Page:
Prognosis: I'm either going to love him or hate him. I cannot yet tell.
A soap fan and actress who looks a little like Lorraine from two series' ago. Felicity likes to turn negatives into positives, and gives 110%, which is more than 100% and not as much as 200%, because she reserves 200% for things that make all the money for her.
Prognosis: Coming soon to a Channel 5 talk show near you. Most likely to cry in the boardroom.
Helen Louise Milligan
Absolutely terrifying woman, who changed career from 'law' to 'waitress' and will make you believe that that was an excellent thing to do. I cannot emphasise enough how scary she is. Money is the most important thing to her, and she hates people who don't work 24/7. At least Debra Barr was sometimes funny.
Prognosis: May force the quarter of a million quid from the wounded, dying Lord Shugagh's clenched fist, take out Nick and Karren with a couple of swift stilletto swipes, and run, screaming, across the table and into the first stage of her plan for world domination.
Describes herself as being like a switch. She knows when to turn it up, and when to turn it down. When she's not modelling her life on a Bucks Fizz song, she manipulates people.
Prognosis: The one who lasts waaaaaaay longer than she should.
A fine example of what professional make up artists can do. In the interview, sports a beige moustache that a 14-year-old boy would be proud of; in the official photo he's upgraded to flicked-out hair, a valiant-but-not-quite-there try at (presumably) a sexy sneer, and darkened facial hair. He descibes himself as 'best of breed' and claims he's been "shortlisted as sales personality of the year". Which breed, and by whom, we are, respectively, not told.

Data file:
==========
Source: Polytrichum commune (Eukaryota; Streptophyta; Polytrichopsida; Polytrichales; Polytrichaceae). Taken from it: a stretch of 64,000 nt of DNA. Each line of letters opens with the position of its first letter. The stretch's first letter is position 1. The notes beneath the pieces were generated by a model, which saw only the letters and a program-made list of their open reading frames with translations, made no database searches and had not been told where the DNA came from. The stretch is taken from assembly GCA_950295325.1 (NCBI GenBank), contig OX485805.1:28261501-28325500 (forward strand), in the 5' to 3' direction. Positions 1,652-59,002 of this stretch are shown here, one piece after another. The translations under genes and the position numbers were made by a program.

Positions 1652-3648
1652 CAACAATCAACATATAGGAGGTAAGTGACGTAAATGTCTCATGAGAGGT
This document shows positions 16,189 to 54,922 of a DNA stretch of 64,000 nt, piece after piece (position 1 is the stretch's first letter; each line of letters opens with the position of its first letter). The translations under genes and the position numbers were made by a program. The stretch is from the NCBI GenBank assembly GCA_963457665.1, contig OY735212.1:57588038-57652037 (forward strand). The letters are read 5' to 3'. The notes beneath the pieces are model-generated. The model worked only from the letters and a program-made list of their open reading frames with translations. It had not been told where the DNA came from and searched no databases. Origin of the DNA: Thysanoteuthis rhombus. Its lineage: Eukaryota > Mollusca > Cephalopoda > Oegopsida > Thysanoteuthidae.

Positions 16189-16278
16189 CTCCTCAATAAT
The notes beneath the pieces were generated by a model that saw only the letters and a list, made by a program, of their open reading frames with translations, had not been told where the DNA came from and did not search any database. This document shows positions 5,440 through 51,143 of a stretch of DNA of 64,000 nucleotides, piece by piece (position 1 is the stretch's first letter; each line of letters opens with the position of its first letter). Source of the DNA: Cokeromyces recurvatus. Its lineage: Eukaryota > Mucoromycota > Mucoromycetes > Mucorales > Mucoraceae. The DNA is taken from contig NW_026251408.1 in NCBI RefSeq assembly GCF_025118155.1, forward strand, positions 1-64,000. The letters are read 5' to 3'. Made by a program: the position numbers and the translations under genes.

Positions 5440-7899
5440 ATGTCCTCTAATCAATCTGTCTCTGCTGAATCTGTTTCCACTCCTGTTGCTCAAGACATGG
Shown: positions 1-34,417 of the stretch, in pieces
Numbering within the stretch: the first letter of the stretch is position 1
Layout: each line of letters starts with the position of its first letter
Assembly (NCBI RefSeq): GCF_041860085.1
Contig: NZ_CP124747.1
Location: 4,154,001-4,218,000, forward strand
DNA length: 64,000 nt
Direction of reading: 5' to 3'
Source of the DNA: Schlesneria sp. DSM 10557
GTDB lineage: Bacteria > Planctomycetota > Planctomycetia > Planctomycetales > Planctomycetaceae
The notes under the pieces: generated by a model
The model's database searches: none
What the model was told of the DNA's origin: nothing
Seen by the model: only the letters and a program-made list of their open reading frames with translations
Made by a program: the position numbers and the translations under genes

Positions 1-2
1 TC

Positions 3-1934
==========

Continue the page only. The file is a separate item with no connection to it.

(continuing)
"I'm not easily intimidated," he claims, before pausing slightly, going a bit quieter, looking at the floor, and repeating "um... not easily intimidated".
Prognosis: An early scapegoat, we won't get to see as much of him as we might like. Ultimately, this is probably a good thing.
A definite candidate for the new Pantsman, I can almost guarantee you that Edward Hunter will, if he gets that far, make a massive, hilarious error of judgement in The One Where They Have To Make An Advert, causing a diplomatic crisis and forcing the BBC to broadcast an apology. Aged 14, he subcontracted his paper round to the local 10-year-olds; he claims his first job was as a gardener, aged 12. Presumably this means he earned his pocket money by mowing the lawn. He accidentally fell into finance, and now wants out.
Prognosis: The irritating one who's not cringeable enough to care about keeping him in, but not incompetent enough to be fired.
A geek who loves starting companies, Tom says that if a team goes bad, it's the leader's fault.
Prognosis: the team will go bad, and he'll be gone. Probably in week 1.
The most interesting thing about her is that when she was 12, she fell off a horse.
Prognosis: Another early sacrifice.
You know those motivational books that tell you that you need to build your self-confidence by standing in front of a mirror and reciting "I am an intelligent person, with interesting things to say" for 5 minutes every morning? Gavin Winstanley talks like that. He may be this year's Alex Epstein.
Prognosis: May self-combust in week 1, or, by a twist of fluke, be on the winning team for several weeks, until he dies a glorious, monumental Apprentice death.
Despite looking like a jellied eel seller, got a 1st at uni. Took apart a computer, and rebuilt it, aged 8. "Pretty great".
Prognosis: Will go down in a blaze of unglory.
And there you have it, folks. The Apprentice returns to our screens next Tuesday & Wednesday at 9pm, on BBC1. If I don't speak to you before then, see you some time next week, once I've had a chance to watch both episodes.